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Conductor Gum Nanse


From time to time, Gum Nanse, a 60-year-old media-savvy conductor, has come under criticism that he is preoccupied with commercial success, rather than the quality of music his orchestras produce. The prominent conductor, who has served many international orchestras such as the European Master Orchestra and the Moscow Chamber Orchestra as music director, however, doesn't seem to care much about this complaint.

"Of course I am concerned about the quality of music. But what is good music if there is no audience? All I am stressing is that musicians need an open heart to reach out to potential audiences," Gum said in an interview with The Korea Herald.

In fact, many of Gum's concerts have been unconventional, by local standards. Gum held a six-hour marathon concert in 1993 featuring five full-length violin concertos by Mozart and five piano concertos by Beethoven, played by the Suwon Philharmonic Orchestra where he was the permanent conductor.

In 1996, he organised the first joint concert between Korea and Norway, with dozens of veteran musicians from the two countries participating. The festival was a big success. Despite all the controversy about his work, one thing is for sure: the local classical music world owes him much for the genre's current popularity. "People find Gum's approach to classical music casual and fun. He's also always ready to tell a funny story, which helps," said Ko Hee-kyung, head of the Seoul Arts Center's education business department.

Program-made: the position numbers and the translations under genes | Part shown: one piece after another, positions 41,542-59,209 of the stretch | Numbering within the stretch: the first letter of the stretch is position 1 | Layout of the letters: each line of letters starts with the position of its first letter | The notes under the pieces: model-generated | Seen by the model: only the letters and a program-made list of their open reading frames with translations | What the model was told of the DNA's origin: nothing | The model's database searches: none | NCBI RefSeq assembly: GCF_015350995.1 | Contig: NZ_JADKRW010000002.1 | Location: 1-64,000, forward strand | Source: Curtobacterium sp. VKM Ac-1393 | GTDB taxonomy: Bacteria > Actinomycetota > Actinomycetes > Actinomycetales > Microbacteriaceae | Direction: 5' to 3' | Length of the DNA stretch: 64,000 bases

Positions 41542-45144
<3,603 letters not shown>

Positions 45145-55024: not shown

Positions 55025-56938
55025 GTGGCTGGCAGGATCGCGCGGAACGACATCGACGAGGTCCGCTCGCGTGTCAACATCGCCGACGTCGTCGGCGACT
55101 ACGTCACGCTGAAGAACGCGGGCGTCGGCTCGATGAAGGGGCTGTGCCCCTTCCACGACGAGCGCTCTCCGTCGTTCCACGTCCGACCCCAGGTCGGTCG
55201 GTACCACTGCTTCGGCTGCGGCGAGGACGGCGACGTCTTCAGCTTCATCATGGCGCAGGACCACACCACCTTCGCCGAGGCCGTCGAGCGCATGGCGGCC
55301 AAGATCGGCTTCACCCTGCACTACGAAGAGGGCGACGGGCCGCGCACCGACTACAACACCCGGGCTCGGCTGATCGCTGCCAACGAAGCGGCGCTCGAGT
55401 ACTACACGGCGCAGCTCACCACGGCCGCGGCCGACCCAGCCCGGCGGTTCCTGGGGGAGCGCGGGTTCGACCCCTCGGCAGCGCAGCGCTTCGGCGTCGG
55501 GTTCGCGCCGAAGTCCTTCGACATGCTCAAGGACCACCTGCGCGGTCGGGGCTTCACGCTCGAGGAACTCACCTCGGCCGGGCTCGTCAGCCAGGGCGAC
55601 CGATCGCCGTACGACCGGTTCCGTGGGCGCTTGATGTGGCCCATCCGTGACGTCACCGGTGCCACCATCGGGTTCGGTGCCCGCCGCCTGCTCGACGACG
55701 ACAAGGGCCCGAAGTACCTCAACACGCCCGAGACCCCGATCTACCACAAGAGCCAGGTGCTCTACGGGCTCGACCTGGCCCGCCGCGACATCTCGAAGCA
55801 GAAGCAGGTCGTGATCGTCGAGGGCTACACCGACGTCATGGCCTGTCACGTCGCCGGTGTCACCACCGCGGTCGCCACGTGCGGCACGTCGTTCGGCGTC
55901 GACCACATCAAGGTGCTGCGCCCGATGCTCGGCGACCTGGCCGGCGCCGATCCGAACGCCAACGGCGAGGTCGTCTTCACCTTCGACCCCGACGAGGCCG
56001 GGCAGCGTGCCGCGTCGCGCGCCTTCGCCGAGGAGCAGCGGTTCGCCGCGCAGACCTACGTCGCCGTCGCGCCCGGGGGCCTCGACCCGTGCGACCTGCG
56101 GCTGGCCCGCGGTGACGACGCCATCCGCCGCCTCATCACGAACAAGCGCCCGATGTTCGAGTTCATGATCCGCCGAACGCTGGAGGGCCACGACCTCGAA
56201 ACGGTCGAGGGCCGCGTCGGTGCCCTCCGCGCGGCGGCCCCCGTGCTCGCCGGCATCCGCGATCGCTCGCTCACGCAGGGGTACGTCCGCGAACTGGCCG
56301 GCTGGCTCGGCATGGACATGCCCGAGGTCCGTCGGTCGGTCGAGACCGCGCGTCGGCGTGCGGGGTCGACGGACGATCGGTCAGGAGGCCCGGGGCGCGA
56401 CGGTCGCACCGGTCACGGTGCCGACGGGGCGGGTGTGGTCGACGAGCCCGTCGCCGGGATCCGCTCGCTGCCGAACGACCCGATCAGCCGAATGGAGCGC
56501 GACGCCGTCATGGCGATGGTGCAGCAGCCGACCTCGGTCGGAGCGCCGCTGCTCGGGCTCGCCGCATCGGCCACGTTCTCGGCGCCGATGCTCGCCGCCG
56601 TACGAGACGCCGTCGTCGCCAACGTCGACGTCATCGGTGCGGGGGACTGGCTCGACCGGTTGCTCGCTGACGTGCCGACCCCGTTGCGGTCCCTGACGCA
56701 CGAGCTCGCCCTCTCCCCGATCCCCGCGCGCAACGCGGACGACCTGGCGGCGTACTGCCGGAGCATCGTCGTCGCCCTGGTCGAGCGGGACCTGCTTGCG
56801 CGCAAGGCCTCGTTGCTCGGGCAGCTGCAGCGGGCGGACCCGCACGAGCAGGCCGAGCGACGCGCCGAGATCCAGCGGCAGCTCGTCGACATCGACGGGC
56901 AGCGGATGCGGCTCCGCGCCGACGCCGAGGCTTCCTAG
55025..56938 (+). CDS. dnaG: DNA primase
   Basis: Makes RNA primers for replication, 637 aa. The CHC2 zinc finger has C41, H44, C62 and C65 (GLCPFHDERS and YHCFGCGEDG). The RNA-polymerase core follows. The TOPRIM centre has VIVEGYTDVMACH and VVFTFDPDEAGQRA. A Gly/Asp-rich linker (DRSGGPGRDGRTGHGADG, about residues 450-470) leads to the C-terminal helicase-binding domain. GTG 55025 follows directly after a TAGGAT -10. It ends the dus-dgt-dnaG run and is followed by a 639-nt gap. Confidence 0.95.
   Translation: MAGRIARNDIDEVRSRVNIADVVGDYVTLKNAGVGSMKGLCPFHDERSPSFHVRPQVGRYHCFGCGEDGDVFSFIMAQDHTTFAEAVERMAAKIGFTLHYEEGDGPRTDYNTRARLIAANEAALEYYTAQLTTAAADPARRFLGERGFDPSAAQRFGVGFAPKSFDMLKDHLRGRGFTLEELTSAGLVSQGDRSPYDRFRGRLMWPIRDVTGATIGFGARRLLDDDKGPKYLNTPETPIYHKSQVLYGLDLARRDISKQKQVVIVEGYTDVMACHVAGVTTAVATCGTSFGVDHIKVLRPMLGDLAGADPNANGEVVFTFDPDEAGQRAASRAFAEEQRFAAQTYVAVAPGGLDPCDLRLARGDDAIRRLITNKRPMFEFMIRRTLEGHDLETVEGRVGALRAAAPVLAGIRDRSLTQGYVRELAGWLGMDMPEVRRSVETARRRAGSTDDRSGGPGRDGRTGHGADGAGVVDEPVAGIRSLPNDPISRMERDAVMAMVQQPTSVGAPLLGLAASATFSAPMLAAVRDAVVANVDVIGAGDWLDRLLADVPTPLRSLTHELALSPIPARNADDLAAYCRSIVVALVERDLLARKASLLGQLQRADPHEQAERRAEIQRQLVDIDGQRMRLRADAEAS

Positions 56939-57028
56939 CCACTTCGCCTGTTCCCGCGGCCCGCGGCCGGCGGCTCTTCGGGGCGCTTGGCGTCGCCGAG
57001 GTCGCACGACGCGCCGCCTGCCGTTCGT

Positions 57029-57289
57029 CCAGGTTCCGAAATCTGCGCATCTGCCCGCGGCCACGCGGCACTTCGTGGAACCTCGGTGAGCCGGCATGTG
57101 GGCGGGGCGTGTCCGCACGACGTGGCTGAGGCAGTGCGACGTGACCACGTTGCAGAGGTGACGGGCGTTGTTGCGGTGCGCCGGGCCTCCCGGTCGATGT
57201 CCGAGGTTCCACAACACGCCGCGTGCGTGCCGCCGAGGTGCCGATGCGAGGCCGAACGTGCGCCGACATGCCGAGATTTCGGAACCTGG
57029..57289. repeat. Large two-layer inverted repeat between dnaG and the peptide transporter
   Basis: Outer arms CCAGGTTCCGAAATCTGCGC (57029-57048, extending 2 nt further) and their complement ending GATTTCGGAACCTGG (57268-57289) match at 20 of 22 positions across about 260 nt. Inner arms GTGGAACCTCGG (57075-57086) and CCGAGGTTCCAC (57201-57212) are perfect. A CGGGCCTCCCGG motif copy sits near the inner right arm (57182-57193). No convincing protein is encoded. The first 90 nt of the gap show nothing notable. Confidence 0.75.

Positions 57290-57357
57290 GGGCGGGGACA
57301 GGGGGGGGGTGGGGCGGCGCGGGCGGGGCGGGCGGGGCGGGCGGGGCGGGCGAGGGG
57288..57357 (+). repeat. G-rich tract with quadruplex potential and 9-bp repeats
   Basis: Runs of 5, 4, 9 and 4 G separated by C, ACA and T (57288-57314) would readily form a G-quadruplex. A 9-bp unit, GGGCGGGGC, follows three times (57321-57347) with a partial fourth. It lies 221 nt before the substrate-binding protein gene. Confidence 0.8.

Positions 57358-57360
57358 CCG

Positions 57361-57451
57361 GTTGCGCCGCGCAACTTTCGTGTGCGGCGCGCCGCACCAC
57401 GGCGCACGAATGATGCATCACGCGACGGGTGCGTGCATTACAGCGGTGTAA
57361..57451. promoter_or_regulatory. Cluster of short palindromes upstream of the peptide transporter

The conductor, who is currently leading two local orchestras--the Euro-Asian Philharmonic Orchestra and the Gyeonggi Philharmonic Orchestra--made his debut as a conductor at age 17 with a youth orchestra, but he considers his winning a bronze medal at the International Young Conductor's Competition hosted by the Herbert von Karajan Foundation back in 1977 as his official debut.

"Many musicians wish that there were such great orchestras as the Berlin Philharmonic Orchestra, after attending a concert in Europe, but, more than anything else, I wished we could have such great audiences," Gum said, explaining how the competition set his life's path in classical music.

The Euro-Asian Philharmonic--although it has never had enough financial support since it was created in 2000--has performed more than 130 times during this year alone. "There's no place I can't go to, as long as there are audiences," Gum said.

The Gyeonggi provincial government provides the Gyeonggi Philharmonic with annual financial support of 3 billion won (US$3.19 million), which is about 2 billion won less than what the Seoul Philharmonic is getting from the Seoul city government. "It is still a huge amount of money. Considering what I have done with the Euro-Asian Philharmonic, almost without anything, I feel great responsibility," he added.

During the year-ending concert tonight (Dec 28), Gum and the Gyeonggi Philharmonic will perform Tchaikovsky's "Romeo and Juliet Fantasy Overture", Poulenc's "Concerto for Two Pianos in D Minor", and more. (By LEE YONG-SUNG/ The Korea Herald/ ANN)

MySinchew 2008.01.10

 

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